** To hear a track from P's new album "My Wilderness' (released 26th September)
(Please do listen to the track 'My Wilderness'. I did some lyrics on this track - have no memory of it, but P,very generously, has given me a writing credit, so I'm banking on it becoming a global mega-hit. And then Alvin and the Chipmunks will do a cover version of it and Manchester United will rebrand and use it as their new anthem. And then all my worries will be over.)
In case you are in Paris on Wednesday and in need of this kind of thing...
Monday, September 5, 2011, 12:00 AM
A few spaces left on this Arvon week for Write Out Loud...
Thursday, August 18, 2011, 08:52 PMI'm co-facilitating workshops at Arvon's Lumb Bank this November with Julian Jordan who is responsible for the on-line poetry phenomenon 'Write Out Loud.' These weeks are always intense and amazing, do come if you can. Here's the blurb...
An inspiring poetry course – at Ted Hughes’ old house.
Writing Out Loud – 14th - 19th November, 2011
Once Ted Hughes’ house, Lumb Bank is an 18th century mill owner’s house in twenty acres of woodland, in a striking Pennine landscape of rivers, fine stone houses and weavers’ cottages, packhorse trails and old ruins.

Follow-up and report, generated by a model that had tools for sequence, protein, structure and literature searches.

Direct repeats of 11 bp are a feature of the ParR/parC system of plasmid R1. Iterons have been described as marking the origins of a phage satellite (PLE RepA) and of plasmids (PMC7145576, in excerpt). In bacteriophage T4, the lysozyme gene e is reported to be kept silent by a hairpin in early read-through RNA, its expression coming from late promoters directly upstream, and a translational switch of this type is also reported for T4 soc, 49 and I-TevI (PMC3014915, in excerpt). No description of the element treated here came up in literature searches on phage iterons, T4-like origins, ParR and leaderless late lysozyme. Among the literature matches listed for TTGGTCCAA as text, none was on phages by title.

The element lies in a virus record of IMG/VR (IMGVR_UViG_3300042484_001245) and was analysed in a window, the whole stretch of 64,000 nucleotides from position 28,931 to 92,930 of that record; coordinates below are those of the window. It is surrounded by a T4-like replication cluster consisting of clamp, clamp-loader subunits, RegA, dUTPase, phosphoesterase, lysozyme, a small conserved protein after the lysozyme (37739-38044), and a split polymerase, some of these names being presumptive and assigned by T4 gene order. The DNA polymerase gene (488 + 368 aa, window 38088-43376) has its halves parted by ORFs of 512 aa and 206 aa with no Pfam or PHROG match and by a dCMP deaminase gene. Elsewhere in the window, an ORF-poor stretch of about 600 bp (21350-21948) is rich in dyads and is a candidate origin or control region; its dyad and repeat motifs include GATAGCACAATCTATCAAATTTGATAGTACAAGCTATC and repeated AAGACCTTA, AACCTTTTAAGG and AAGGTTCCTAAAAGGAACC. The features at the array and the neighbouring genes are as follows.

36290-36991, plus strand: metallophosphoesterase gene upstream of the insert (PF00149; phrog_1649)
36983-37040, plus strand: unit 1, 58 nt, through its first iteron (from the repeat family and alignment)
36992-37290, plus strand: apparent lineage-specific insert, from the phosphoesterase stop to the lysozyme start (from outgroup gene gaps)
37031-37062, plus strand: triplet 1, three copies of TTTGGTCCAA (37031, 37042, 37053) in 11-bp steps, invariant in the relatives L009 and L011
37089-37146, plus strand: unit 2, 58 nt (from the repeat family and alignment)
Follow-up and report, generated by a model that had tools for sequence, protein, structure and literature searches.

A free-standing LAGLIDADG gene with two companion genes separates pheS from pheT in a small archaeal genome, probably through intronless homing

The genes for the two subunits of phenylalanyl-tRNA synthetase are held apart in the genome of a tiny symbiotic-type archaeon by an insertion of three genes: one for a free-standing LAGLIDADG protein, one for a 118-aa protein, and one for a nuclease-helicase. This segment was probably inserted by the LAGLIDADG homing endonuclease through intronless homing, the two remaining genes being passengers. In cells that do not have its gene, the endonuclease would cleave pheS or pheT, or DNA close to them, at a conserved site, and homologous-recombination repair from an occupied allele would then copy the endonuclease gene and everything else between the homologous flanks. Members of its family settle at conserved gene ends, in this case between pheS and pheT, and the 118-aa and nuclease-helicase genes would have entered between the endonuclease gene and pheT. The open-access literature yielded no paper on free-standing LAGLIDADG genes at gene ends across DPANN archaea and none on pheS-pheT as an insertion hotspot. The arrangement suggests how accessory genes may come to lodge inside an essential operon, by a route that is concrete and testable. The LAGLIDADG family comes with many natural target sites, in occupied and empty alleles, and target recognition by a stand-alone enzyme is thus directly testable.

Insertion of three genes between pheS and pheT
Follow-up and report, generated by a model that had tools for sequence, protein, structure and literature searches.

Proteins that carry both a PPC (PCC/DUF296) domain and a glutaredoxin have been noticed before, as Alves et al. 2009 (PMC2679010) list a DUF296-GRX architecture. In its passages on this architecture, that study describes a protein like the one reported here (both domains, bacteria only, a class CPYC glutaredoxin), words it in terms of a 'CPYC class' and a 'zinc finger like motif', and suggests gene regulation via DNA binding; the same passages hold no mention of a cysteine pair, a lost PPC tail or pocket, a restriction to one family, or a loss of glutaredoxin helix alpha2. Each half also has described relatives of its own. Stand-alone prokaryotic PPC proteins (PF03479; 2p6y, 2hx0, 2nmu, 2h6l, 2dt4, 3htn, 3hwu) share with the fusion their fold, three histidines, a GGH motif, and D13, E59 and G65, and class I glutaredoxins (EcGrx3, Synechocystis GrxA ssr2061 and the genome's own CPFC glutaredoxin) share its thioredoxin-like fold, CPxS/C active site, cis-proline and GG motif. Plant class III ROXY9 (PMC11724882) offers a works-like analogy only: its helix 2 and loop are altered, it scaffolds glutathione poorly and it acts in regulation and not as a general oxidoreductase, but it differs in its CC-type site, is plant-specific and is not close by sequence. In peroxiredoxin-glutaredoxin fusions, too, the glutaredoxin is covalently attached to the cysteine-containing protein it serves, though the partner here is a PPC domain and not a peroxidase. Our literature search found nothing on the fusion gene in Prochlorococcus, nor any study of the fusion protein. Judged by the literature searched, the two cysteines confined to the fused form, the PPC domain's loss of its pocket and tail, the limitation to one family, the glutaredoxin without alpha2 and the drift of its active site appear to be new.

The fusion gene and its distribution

Be inspired and learn new techniques with other poets of various levels and interests – on this unique, Monday-to-Saturday, intensive-but-fun course run in partnership between Arvon and Write Out Loud, home of the UK's leading open-mic poetry website.
Here is a your big chance to take your writing further, as well as giving you top coaching in how to bring out the best from yourself and your words as you read or perform your poetryYou will receive guidance and tuition in writing, selecting and editing for reading out loud; and improving how you perform your work. There will be group work, individual coaching, and chance to showcase your work on Friday evening.
The tutors are the “Queen of Performance Poetry” Francesca Beard who has run workshops right across the globe, Write Out Loud founder, slam and open-mic veteran, professional writer and publisher, Julian Jordon; and visiting tutor Elvis McGonagall of Radio 4 fame, on Wednesday evening.